Four Navy and Marine Corps students from the Naval Postgraduate School (NPS) Department of Operations Research (OR) presented theses examining applicable improvements to operational dynamics in ship and maintenance schedules, aircraft inspection procedures, manpower management and unmanned autonomous systems to an online panel of judges for the spring quarter Military Operations Research Society (MORS) Stephen A. Tisdale Thesis Award, May 27.
Following the presentations and deliberations, the judges awarded U.S. Marine Corps Capt. Ryan Martinez with the spring quarter MORS/Tisdale Award, citing that his research represented the most near-term operational relevance to the service. Martinez’s thesis focuses on how to modernize the Recruit Distribution Model to more efficiently assign Marine recruits into a more specialized and capable fighting force by minimizing idle time between training schools, maximizing fit pairings, and ensuring that assignments through the year meet Marine Corps Manpower and Reserve Affairs staffing goals.
“These finalists represent just a few of the amazing students and top-notch theses in the Naval Postgraduate School Operations Research department,” said U.S. Navy Cmdr. Nicholas Ulmer, Program Officer for the OR department. “Their research is recognized as high quality and may provide immediate or near-term value to the defense of the United States.”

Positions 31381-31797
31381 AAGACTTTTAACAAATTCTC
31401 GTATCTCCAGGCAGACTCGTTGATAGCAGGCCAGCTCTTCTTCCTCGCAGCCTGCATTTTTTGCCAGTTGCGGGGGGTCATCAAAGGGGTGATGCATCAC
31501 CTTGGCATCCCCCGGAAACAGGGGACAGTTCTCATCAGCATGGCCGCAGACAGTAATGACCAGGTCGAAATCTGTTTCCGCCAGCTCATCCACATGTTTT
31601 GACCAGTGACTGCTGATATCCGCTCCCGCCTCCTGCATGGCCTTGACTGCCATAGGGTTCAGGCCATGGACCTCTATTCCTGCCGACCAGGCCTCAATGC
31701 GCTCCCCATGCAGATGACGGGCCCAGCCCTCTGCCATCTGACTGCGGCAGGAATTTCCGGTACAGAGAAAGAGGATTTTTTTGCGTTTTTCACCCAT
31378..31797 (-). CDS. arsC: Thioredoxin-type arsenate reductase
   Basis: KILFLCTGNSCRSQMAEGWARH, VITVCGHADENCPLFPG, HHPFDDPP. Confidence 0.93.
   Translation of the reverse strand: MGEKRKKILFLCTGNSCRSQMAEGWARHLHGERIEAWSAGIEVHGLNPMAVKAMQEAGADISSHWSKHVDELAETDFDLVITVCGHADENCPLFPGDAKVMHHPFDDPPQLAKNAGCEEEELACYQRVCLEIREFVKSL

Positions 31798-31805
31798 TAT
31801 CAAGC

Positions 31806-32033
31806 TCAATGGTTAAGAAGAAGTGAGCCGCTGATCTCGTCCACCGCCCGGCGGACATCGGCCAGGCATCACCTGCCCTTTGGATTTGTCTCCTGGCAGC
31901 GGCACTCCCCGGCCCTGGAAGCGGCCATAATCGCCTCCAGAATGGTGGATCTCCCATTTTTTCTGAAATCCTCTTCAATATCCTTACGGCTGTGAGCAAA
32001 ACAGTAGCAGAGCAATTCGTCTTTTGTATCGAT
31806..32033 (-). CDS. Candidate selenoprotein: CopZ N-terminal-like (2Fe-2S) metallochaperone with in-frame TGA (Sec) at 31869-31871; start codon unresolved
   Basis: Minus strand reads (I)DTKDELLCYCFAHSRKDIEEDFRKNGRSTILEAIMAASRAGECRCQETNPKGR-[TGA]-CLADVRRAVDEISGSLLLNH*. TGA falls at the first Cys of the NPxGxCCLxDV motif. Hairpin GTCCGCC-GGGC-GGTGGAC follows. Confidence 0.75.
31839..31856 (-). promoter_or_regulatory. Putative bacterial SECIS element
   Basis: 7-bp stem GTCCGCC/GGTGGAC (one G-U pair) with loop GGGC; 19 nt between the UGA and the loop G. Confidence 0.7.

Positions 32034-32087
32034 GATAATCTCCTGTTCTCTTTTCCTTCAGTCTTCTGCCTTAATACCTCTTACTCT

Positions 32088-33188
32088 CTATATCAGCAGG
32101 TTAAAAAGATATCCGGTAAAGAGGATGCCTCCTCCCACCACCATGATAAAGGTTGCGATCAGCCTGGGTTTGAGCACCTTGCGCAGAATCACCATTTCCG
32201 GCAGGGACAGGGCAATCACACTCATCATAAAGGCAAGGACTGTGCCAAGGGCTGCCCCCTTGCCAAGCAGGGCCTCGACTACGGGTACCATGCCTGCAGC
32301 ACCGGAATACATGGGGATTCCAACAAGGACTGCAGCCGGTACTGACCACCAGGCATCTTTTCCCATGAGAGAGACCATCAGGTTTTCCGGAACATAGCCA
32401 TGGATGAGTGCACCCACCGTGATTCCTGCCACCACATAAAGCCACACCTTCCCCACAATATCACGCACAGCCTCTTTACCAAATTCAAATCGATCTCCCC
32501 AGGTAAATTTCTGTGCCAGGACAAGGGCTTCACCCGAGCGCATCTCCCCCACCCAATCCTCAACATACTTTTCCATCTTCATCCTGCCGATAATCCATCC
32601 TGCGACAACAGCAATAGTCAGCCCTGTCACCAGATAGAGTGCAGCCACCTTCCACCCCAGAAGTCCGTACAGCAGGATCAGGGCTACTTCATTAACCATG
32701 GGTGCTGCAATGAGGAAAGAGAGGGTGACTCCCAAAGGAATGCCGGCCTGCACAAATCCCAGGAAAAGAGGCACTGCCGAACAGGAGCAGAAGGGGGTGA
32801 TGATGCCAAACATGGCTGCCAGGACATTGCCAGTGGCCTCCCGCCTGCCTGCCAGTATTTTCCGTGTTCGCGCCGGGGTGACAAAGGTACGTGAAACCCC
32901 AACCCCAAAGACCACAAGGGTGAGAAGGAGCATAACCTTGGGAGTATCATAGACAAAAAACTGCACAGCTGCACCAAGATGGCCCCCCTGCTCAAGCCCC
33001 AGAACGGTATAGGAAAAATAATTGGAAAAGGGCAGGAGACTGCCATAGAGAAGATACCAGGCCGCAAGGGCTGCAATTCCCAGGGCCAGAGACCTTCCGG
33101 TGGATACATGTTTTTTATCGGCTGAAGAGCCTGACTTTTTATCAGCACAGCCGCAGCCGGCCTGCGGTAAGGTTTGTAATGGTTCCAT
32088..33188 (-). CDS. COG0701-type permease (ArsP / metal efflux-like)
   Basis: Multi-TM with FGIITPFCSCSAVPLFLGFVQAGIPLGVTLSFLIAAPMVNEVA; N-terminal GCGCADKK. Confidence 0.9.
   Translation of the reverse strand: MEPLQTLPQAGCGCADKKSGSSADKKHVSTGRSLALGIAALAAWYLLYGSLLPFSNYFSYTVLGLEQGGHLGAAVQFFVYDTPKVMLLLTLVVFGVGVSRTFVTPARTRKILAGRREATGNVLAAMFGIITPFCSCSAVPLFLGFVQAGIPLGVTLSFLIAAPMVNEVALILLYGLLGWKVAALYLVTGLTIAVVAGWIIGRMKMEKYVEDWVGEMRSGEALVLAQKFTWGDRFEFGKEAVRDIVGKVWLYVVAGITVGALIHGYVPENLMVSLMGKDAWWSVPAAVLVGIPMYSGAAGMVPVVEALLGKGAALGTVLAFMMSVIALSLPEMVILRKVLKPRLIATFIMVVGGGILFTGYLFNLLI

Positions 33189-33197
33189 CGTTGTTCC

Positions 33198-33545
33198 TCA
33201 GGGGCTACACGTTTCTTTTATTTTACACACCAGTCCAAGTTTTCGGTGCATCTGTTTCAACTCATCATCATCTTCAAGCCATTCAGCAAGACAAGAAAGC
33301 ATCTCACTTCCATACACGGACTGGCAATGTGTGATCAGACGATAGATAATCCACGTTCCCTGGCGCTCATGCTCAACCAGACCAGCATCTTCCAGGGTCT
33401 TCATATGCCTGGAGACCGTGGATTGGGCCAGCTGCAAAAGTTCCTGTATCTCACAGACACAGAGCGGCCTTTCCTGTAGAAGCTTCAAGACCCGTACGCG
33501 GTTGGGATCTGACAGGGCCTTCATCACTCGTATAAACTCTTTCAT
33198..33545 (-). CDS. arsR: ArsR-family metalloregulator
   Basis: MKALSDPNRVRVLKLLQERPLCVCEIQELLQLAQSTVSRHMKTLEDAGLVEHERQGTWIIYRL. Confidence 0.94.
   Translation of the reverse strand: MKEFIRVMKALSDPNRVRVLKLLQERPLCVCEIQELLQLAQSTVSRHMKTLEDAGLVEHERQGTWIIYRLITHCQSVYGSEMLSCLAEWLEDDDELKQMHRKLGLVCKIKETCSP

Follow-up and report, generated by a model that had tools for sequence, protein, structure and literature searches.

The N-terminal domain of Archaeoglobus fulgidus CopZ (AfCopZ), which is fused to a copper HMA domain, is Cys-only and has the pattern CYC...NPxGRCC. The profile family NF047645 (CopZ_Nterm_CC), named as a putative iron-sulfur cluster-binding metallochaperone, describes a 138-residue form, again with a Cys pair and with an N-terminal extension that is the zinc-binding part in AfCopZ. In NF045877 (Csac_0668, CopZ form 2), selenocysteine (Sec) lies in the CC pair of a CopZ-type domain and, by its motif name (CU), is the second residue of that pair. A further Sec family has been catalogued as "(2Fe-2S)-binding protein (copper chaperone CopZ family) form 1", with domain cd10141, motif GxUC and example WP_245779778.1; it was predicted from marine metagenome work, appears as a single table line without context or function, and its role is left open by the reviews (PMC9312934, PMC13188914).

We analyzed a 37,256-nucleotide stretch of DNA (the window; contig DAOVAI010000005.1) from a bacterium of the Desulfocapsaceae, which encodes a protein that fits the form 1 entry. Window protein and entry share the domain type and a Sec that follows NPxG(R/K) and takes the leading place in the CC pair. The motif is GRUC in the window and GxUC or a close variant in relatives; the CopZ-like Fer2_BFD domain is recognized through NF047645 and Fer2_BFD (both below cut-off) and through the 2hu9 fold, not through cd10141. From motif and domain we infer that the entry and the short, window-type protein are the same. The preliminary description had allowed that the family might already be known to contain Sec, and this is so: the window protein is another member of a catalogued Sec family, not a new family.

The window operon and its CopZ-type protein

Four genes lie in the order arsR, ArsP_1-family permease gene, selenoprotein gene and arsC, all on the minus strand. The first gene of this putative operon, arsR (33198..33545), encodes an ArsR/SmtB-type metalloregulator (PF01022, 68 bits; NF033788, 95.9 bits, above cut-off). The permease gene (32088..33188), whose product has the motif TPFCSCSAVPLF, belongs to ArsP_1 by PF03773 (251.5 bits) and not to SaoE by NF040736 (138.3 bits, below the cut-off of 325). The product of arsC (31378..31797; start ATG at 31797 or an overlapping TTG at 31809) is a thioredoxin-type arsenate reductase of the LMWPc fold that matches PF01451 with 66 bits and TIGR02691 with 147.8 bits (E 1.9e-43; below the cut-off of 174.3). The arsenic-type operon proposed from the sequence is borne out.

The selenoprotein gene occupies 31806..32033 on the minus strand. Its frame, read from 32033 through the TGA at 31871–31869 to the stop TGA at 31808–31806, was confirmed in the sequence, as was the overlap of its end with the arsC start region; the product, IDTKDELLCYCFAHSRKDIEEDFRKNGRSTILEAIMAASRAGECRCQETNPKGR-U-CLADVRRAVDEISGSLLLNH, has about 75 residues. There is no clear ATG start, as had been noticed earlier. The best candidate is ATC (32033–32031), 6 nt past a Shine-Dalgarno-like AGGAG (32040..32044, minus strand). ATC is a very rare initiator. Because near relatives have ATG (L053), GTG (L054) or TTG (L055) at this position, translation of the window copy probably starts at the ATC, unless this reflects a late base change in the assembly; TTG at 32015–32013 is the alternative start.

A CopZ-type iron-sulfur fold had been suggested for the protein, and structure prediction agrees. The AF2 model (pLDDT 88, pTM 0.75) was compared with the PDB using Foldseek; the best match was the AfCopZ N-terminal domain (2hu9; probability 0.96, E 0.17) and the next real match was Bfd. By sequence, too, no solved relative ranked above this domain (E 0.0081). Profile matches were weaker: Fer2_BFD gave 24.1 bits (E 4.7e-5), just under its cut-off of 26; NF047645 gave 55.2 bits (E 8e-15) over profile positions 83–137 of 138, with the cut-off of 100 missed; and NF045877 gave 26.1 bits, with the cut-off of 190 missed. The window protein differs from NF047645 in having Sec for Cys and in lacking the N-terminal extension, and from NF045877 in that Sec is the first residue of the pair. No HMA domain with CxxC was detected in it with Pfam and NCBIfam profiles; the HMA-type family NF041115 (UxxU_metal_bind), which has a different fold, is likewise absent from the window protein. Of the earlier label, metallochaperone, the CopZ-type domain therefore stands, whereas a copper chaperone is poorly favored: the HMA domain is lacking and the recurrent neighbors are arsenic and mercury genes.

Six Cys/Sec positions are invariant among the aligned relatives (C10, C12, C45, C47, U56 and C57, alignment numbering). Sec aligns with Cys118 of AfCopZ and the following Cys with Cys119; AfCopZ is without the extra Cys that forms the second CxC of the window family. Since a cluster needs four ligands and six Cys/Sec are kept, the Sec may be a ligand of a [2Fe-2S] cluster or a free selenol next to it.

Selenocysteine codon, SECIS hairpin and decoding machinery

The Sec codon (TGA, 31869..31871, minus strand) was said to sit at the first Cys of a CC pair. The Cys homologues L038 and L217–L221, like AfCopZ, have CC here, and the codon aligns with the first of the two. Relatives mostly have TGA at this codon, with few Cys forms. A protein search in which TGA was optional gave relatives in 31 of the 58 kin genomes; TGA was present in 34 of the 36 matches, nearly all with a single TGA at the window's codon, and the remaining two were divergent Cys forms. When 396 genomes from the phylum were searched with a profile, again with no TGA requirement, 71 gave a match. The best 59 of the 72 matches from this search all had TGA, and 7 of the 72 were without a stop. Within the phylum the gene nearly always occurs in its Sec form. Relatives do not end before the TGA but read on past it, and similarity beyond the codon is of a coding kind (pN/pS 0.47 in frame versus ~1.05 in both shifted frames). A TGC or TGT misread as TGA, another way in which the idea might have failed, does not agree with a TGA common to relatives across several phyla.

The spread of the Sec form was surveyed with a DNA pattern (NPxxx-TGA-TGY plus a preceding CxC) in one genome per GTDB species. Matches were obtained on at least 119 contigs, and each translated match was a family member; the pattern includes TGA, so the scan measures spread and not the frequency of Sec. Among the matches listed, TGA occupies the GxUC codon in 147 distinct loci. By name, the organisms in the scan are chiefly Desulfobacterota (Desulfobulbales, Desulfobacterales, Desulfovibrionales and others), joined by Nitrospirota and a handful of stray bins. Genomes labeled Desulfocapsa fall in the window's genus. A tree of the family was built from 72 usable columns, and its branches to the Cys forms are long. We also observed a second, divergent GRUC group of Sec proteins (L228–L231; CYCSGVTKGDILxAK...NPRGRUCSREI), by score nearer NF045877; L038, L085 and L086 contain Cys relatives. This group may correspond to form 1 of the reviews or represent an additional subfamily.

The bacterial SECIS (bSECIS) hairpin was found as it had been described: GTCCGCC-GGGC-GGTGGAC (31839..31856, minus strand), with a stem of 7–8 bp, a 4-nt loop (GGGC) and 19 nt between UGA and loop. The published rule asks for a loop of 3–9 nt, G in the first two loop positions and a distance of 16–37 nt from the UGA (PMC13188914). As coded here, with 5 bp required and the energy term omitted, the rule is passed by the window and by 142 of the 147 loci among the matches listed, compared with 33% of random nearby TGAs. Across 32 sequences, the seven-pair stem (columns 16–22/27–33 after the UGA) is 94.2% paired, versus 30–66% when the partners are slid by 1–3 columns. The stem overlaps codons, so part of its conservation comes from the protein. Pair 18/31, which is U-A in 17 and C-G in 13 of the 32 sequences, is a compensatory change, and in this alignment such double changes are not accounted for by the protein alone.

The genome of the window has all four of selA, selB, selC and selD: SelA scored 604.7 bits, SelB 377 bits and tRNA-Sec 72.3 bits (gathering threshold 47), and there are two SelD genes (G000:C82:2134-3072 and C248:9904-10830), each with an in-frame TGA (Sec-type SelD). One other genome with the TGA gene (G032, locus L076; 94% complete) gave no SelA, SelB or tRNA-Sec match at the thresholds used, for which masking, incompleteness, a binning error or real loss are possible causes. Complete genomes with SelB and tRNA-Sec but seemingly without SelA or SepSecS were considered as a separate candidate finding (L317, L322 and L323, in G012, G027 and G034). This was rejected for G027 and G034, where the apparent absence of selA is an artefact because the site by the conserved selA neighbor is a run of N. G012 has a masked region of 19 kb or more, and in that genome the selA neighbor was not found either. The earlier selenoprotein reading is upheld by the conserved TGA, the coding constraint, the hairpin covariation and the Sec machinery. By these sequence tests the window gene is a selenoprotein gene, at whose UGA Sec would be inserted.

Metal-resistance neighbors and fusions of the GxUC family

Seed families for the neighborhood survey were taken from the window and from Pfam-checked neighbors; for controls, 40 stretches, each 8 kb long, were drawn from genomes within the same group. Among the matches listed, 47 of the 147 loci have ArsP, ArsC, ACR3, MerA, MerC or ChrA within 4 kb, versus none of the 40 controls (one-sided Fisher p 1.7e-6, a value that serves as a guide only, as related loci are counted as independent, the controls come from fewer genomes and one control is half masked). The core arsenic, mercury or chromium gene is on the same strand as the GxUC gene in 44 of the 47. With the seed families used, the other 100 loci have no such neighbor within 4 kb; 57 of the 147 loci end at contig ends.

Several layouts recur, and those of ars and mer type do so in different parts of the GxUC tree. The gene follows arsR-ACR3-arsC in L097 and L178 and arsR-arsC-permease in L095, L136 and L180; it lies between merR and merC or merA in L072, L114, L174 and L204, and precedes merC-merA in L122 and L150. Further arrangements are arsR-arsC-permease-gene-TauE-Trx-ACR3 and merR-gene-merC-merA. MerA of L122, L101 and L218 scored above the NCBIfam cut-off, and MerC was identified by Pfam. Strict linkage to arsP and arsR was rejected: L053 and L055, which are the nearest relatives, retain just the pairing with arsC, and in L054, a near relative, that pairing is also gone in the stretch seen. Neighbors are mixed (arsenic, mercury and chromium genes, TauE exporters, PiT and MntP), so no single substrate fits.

Martinez was very grateful to receive the MORS Tisdale honor while tackling something even more important to him – tangibly making the Marine Corps better.
“My favorite part of Operations Research is its applicability, and I wanted to utilize the skills I learned at NPS to tackle a project that could improve the Marine Corps,” said Martinez.
He noted that he found the research topic from the Naval Research Portal (NRP), where military organizations post research topics that NPS students and faculty can tackle. Resources like NRP provide NPS the opportunity to turn theory and theses into applied research where officers like Martinez can pool graduate-level education with their operational experience.
“I knew [NRP] was the place I would find my ideal thesis topic because it was the organizations themselves asking for NPS students to solve crucial problems they needed answered,” said Martinez. “Once I found the topic posted on the NRP, it clearly sounded like it could make a substantial difference in the Marine Corps, so the Marine Corps Manpower and Reserve Affairs and I agreed to take it on.”
Operations Research Chair Dr. Matt Carlyle was impressed with all the award finalists and their drive to provide improvements to the warfighter.
“Every time we do the MORS/Tisdale competition, I’m reminded of how relevant and interesting the thesis work is and how applicable it is to the things that the Navy and the Department of Defense are concerned about,” said Carlyle.
The MORS/Tisdale award is named in honor of Lt. Cmdr. Stephen A. Tisdale, a dual-degree graduate of NPS in 1989 who perished in a military aircraft accident on March 21, 1991, while serving with Patrol Squadron 50 off the coast of California. Tisdale’s outstanding and influential thesis, “Assessing Optimal Utilization of Potential Anti-Satellite Architectures,” won the MORS prize for his graduating class, and was also recognized as the top Space Systems Operations student as well.